Foss. 43; Marshall. 30; Bryan. 1.
Twenty-fifth ballot?Clark, 169;
Wilson. 406; Underwood, 108; Harmon,
25; Foss. 43; Marshall, 80; Bryan, 1;
James. 1.
Twenty-sixth ballot?Clark, 163 1-2.
Wilson. 407 1-2; Underwood. 112 1-2;
Harmon. 2ft. Marshall, 30; Bryan, 1,
Foss. 43; absent, 1 1-2.
Twent> -nevcntb ballot?Clark, 469;
Wilson. 406 1-2: Underwood, 112: Foss,
38; Marshall, 20; Harmon. :ft. Bryan,
1; absent, 1-2.
Twenty-eighth l.nllnt?Clark 1681-2;
Wilson. 437 1-2; Underwood, 112 1-2;
Harmon, 29; Foss. :tS; Kern. 1. Bryan.
I; absent. 1-2.
i Twenty-ninth ballot?Clark. 46S 1-2;
I Wilson. 436; Underwood, HI. Foss. 38;
j Harmon, K? rn. 4.
Thirtieth ballot?Clark. 152; Wilson.
[ 4 6?i; Underwood. 121 i-.\ Foss. 30;
j Hanne n. 19; Kern, 2.
I Thirty.Urs! Im.?Clark, 146 1-2:
i Wilson. 475 1-:'. Underwood, 11? 1-2;
Foss, .)'?: Harmon, it; Kern, 2. absent,
t hirty -aecoad ballot?Total,
:Clark. I4? 1-2: Wilson, 477 1-2; Under
j wood, 1J9 1-2; Harmon. U; Kern. 2;
loss. 2S; absent, 1-2.
Tblrty-tblrd ballot?Clark. 147 1-2.
Wilson. 477 1-2; Underwood. 103 1-2.
Harmon. 2;'. Kern, 2; Foss, 2S, absent.
I Thirty-fourth ballot?Clark, 447 1 -2,
I Wilson. 479 1-2: Underwood. 101 1-2;
I Harmon, 29; Kern. 2. Foss, 28; absent,
j 1-2.
Thirty-fifth ballot?Clark. 433 1-2;
[Wilson. 494 1-2; Underwood, 101 1-2;
Harmon, 29, Kern, i; Foss, 28; absent.
Thirt.v-sixth bollot?Clark, 134 1-2;
I Wilson, 49?; 1-2; Underwood, 98 1-2
Harmon, 29; Foss, 28; Kern. 1; absent,
Thirty-seventh ballot?Clark. 432 1-2.
Wilson. 496 1-2; Underwood. 100 1-2;
Harmon. 29, Foss, 2S; Kern. 1. ab?
sent. 1-2.
Tblrty-elglvth ballot?Clark, 12.5;
Wilson. 45S 12: Underwood, 106: Har?
mon. 29; Foss. 2S; Kern, 1; absent, 1-2.
Tttlrty-nlntb ballot?Clark. 422. v. 11
[son, 501 1-2; Underwood. 106; Harmon,
12:-. Foss, 2S. Kern, 1: absent. 1-2.
Fortieth ballot?Clnrk. 123; Wil?
son, 501 1-2; Cnderwood. 10r>: Harmon,
.2f; Foss. 25. Kern. 1. absent. 1-2.
Forty-first ballot?Clark. 424 Wil?
son. 499 1-2. Underwood. 106; Harmon.
27. Bryan. 1. Kern. 1; Foss. 23; Gaynor.
1, absent. 1-2.
Forty-seeonrt bollot?Hark. 430.
Wilson. 494. Cnderwood. Harmon.
27. Bryan. 1-2; Kern. 1; Foss. 28; Gay?
nor. I; .lames, l: .1. Hamilton Lewis, l,
lal.senl. 1-2. _ _
Cannot Be Found Long Enough
to Sign Important Congres?
sional Resolution.
Baltimore, Md., .Tun? 1.?Speaker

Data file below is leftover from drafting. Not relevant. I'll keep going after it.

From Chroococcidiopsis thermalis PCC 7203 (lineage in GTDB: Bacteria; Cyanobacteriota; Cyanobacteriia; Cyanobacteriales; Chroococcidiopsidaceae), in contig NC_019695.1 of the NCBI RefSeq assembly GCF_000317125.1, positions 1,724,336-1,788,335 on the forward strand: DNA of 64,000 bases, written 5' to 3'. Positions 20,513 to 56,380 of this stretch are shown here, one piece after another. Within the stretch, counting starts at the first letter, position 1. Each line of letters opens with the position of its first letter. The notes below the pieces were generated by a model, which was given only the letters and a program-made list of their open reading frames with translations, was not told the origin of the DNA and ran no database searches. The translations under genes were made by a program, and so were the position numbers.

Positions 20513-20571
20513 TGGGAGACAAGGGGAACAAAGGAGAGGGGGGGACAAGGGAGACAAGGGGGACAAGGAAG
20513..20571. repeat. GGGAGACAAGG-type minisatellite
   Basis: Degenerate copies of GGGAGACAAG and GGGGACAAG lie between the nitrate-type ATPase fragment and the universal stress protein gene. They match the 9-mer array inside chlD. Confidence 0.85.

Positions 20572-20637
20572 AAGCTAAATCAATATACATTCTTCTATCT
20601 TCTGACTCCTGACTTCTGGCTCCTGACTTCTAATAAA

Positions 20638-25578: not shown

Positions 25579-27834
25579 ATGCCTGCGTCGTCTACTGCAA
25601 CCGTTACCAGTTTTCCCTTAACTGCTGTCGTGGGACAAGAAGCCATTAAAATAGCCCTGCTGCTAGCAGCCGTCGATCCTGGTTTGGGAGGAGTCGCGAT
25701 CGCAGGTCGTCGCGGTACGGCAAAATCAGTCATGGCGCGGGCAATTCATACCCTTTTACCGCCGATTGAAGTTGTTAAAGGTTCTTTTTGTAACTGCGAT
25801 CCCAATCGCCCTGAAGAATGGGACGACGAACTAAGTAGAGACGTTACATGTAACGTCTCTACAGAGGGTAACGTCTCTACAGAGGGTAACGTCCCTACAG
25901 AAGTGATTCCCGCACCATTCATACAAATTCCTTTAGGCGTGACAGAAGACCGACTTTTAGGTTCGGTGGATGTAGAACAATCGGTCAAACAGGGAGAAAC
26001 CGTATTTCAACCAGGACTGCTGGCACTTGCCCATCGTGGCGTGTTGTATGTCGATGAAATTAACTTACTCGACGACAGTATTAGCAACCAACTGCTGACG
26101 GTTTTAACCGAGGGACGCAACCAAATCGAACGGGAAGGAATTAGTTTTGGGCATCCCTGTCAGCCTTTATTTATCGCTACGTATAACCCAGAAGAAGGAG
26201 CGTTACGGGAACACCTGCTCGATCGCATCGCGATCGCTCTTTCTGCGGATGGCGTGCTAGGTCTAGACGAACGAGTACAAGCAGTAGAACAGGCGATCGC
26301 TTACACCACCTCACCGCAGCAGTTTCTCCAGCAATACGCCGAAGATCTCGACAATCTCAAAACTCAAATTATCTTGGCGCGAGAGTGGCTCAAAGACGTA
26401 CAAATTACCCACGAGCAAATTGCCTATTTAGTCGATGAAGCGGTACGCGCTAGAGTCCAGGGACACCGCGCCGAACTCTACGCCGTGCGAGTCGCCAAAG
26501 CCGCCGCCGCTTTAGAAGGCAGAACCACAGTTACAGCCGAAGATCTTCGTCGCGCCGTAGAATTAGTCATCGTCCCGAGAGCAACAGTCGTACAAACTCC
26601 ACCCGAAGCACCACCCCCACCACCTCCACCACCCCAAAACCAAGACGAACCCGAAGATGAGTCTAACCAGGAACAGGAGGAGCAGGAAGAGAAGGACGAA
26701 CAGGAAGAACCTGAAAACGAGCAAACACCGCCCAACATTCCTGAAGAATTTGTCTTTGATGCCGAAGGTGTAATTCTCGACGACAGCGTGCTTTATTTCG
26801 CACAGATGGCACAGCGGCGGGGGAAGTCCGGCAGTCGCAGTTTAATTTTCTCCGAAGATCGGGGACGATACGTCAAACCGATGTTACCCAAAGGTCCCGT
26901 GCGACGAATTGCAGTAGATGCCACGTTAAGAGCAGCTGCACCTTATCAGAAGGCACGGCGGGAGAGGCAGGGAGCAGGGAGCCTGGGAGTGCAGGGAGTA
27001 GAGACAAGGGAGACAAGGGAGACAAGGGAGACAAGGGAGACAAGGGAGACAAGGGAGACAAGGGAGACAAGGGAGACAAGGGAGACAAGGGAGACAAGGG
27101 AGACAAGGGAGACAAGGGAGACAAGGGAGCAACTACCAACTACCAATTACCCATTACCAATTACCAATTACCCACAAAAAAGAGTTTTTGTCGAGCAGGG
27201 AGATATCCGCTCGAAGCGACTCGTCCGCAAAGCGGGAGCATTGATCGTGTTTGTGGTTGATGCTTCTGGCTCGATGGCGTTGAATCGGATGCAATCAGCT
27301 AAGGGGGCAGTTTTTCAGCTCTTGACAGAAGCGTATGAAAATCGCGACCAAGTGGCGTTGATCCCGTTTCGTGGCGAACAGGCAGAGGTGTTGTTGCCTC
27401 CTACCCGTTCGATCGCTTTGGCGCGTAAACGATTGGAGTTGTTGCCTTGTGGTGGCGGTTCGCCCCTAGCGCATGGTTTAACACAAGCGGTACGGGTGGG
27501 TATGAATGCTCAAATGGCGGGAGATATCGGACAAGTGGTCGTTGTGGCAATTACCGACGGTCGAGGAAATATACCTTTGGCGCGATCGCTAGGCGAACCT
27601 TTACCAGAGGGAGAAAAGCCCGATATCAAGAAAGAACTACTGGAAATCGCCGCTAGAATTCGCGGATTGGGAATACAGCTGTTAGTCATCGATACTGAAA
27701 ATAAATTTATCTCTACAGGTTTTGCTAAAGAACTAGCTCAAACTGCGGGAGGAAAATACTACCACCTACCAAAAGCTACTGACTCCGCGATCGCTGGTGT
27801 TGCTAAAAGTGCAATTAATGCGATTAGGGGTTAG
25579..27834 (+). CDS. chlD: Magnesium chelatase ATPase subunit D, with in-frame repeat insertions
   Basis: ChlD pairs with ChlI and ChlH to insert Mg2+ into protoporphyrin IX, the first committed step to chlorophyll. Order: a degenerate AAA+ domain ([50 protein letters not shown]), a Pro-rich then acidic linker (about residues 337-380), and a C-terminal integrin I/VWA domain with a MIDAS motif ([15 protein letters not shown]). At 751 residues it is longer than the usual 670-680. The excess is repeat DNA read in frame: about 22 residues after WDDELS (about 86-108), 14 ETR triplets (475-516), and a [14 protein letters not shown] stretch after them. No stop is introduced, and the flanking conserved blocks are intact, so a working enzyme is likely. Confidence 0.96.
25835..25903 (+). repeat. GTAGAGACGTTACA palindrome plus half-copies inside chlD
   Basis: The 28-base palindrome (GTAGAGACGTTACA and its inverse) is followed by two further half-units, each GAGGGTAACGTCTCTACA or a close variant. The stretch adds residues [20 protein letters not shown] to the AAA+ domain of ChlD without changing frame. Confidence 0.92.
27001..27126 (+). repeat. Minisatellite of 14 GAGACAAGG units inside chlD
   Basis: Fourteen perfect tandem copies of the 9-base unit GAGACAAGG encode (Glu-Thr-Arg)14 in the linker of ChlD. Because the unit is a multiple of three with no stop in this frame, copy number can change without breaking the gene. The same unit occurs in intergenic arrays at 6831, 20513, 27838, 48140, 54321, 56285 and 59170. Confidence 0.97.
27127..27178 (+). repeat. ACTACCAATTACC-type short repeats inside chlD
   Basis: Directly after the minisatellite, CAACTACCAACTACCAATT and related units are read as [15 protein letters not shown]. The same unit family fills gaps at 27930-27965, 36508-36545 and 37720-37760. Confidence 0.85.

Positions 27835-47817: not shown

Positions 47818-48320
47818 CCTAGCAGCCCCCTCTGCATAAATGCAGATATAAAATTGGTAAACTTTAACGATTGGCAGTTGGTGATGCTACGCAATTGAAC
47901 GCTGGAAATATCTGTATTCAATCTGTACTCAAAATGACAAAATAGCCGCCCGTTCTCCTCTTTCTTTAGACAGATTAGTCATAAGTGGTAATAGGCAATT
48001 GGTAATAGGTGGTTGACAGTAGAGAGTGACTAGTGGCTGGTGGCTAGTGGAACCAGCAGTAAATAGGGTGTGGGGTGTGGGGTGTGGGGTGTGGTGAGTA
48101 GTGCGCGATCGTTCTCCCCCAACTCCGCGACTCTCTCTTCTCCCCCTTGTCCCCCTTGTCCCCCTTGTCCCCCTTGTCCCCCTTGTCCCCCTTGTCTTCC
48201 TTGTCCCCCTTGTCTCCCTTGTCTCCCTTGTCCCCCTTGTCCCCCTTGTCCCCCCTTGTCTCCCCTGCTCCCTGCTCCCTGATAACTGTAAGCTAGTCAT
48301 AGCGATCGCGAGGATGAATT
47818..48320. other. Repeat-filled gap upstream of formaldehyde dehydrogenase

Clark apent the evening at the city
home of Mayor Preston near the con?
vention hall. Several members of inn
M'ssourl delegation met him at the.
Preston home. It was said he would
remain In the race.
Kludm l*ur?iier?.
''Washington, July I.?Speaker Clark
successfully eluded nil his pursuers
. ^A,Cpa?nuod on Seventy rago-i
Police Reserves Called Out to
Drive Clamoring Crowd
From Doors.
Baltimore. Md., July 1.?Convention
Hall wan almost stampeded to-night
by thousands of people who were re?
fused admission aft-r Chairman James
had ordered the police to admit no
one except delegates, alternates and
members of the press.
When the order wn& issued the po?
lice were having trouble preventing
? rushes nt the doom and In the streels
around the hall, within a few minutes
L iconuiiittd. aa .sp.vei.tn r&Bc.j. J
Wilson Delegates Who Are
"Broke" Will Have Their
Expenses Paid.
Sea Girt. N J.. July 1 ?A pledge of
IStOOO to pay the Mils a Wilson dele?
gates to the Baltimore convention was
marie to-night by Samuel Budlow, Jr..
I a banker of Jersey City, and Joseph B.
[Bernstein, a hicrchahi of the sarho
plnci Their announcement wna marie
following a conference with Governor
; Wllso,,.
Reports from Baltimore that oh SO?
1 count of the ex tended session, many
*1~ ACo|?tmuga yn tjevynm l'J?e i
Wil son s High Mark Reached at 50 1 ^ Votes
at Time When Clark's Figures Are Lowest,
Latter Having Gone Down to 422,
Then the Tide Turns.
Delegates Are worn Out With Convention and Sit
in Sort of Stupor While Monotonous Calling of
Roll G oes On, and Clerks Enter Vote Mechan?
ical^?Last Roll of Night Is Called in Great
Disorder, So Great Is Desire of Tired Delegates
and Spectators to Get Away?Underwood's
Vote Still Fluctuates Around 100 Mark and
Promised Stampede to Hirn When Wilson s Vote
Begins to Recede Fails to Materialize.
Baltimore. Md., July 2.?The deadlock in the Democratic
National Convention over a presidential nominee ^cemed more com?
plete than ever when adjournment was taken at 12:43 A. M. until
noon to-day. \\ bod row Wilson had made steady gains during
I Monday's balloting until he reached a high water mark of 501 i-2
votes on the thirty-ninth ballot. Me remained stationary on the
j fortieth ballot, and then began to lose ground. The last ballot was
the forty-second, when Governor Wilson polled 494 vote.-.
Speaker Champ Ciark reached the lowest ebb of his candidacy
on the ballot, where W ilson reached a crest. He went down to
422 votes at that time, but immediately began to pick up. and had
gone to 430 when adjournment was taken.
The Speaker came over to Baltimore during the evening, and
was a guest at the home of Mayor Preston, near convention hall.